By Mariya Razzaghian*
1. What is triangulation in research?
Triangulation is the combination of two or more theoretical perspective, methodological approaches, analytical methods, data sources, or investigators within the same study. Denzin (1970) has called mixing methods as a 'triangulation perspective'.
2. Why we need triangulation?
Researchers use triangulation for two reasons mainly:
- The use of a single method may not allow the researcher to address all aspects of the research questions.
- Combining research methods increases the validity of the research findings because using a variety of methods means that one serves as a check on the other.
Since many researchers now recognize that there are differences in social science and natural science and that the interpretations that human beings have of their social behavior and the external world are important factors that need to be kept in mind, they now appreciate that both quantitative and qualitative methods have a role to play in social science.
3. Types of Triangulation
There can be many types of triangulations. However, for the sake of parsimony we shall focus on the four widely recognized types of triangulations here, i.e.
- methodological triangulation
- investigator triangulation,
- theoretical triangulation,
- data analysis triangulation.
3.1. Methodological Triangulation
This type of triangulation has also been called as mixed methods, multi-methods, and methods triangulation. By using multiple methods, the research strives to decrease the deficiencies and biases that stem from any single method creating the potential for counterbalancing the flaws or weaknesses of one method with the the strength of the other. Methodological triangulation can be further divided into two types, i.e. withing method and between methods triangulation.
3.1.1 With-in-method triangulation
This is done at the data level and uses two different tools for collecting data. While, this type of triangulation has narrow scope, it provides alternative ways for measuring a variable.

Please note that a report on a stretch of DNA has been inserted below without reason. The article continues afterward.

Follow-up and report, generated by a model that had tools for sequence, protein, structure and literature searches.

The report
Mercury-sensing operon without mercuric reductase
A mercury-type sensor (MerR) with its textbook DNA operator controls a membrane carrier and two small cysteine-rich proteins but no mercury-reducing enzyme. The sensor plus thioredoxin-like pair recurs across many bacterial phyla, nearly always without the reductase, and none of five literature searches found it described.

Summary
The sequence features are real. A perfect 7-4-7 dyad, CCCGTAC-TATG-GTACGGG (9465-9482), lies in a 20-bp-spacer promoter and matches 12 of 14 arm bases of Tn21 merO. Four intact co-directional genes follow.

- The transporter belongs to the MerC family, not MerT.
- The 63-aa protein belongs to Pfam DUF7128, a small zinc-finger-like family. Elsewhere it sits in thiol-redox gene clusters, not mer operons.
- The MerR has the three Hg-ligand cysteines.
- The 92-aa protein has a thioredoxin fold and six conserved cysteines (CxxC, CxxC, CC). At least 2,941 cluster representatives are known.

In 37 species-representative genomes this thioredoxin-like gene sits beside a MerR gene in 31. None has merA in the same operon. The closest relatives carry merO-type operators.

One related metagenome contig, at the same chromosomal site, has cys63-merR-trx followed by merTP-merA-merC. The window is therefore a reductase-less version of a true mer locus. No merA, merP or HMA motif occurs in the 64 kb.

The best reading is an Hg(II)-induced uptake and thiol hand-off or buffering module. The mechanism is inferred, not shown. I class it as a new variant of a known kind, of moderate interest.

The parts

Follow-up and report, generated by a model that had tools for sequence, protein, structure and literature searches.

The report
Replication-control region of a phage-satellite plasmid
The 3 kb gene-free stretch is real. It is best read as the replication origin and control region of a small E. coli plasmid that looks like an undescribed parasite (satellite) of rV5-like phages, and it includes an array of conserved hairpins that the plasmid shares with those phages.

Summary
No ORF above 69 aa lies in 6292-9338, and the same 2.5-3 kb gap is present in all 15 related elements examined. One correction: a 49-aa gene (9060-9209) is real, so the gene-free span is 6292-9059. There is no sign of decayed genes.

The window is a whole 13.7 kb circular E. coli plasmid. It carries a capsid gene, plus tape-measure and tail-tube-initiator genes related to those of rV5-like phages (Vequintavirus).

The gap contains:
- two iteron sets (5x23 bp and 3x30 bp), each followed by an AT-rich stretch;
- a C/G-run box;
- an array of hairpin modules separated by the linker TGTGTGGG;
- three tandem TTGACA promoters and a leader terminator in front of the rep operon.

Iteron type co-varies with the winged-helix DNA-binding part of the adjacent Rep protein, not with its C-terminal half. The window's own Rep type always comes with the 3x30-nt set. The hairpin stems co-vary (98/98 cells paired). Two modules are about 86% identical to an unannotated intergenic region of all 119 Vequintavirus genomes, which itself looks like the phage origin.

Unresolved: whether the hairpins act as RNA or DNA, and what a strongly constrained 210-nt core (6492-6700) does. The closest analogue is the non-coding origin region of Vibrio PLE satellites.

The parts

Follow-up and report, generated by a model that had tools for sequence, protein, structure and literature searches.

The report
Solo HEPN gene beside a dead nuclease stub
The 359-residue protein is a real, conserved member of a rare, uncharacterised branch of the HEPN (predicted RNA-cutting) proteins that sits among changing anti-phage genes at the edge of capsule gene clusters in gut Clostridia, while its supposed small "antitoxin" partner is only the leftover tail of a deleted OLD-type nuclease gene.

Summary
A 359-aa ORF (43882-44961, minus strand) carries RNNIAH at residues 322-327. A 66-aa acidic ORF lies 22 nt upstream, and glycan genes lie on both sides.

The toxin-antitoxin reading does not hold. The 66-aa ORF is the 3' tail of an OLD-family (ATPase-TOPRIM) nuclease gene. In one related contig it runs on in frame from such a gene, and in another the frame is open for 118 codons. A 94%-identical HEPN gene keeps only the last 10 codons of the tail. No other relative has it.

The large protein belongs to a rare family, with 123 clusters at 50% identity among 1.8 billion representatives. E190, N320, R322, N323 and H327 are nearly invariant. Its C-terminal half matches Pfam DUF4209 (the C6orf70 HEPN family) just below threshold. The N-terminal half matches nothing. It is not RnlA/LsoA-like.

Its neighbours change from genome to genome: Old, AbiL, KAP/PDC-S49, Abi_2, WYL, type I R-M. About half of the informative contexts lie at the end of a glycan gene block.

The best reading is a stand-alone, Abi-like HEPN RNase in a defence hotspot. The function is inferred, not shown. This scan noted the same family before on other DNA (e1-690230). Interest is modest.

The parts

3.1.2 Between methods triangulation
we, may also call this across methods triangulation. It is done at the design level and uses both quantitative as well as qualitative methods. The approaches are merged at the level of interpretation.
3.2 Investigator Triangulation
It involves using more than one observer, interviewer, coder or data analyst in the study. Confirmation of data among investigators without prior decision or collaboration with one another lends greater credibility to the observation. The purpose of multiple investigator is to reduce the potential of bias in selecting, analyzing, coding, or gathering of data, as well as to increase the internal validity of the findings. Having more than one investigator also has the potential for keeping the team honest which increase the credibility of findings. Analysis of data (particularly quantitative data) by multiple analysts serves not only to amplify the results and increase validity but it also adds to the reliability.
Verification of the the interpretation of data (quantitative and qualitative by more than one research can increase the value of the findings. Also, if the research is conducted by investigators who are equally skilled in their respective approaches can enhance the value of the study by contributing to the study from different view points.
Investigators equally apt in their respective research approaches can conduct the different phases of research allowing for both the investigators and methodological triangulation.
3.3 Theoretical Triangulation
This type involves using multiple theories and hypotheses to study a phenomenon. The use of multiple theories and hypotheses is done with the intention that the study can be conducted with multiple lenses and questions in mind in order to lend support to or refute the findings.
The theoretical perspectives or hypotheses used in the study may be related to or they may have opposing views points, depending on what the researcher hopes to accomplish. The use of multiple theories provides the advantage that alternative explanation for a phenomenon can be decreased. Multiple theories also help to rule out competing hypotheses, prevent premature acceptance of plausible explanations, and increase confidence in constructing concepts in theory development.
3.4 Data Analysis Triangulation
Data analysis triangulation is the combination of two or more methods of analytical tools. These techniques can include different families of statistical tools such t-test, regression, anova, structural equation modelling in order to validate the data or determine similarities.
*Mariya Razzaghian is a PhD student at the Institute of Management Sciences, Peshawar. Her area of specialization is HRM, with special focus on work place bullying and workaholism.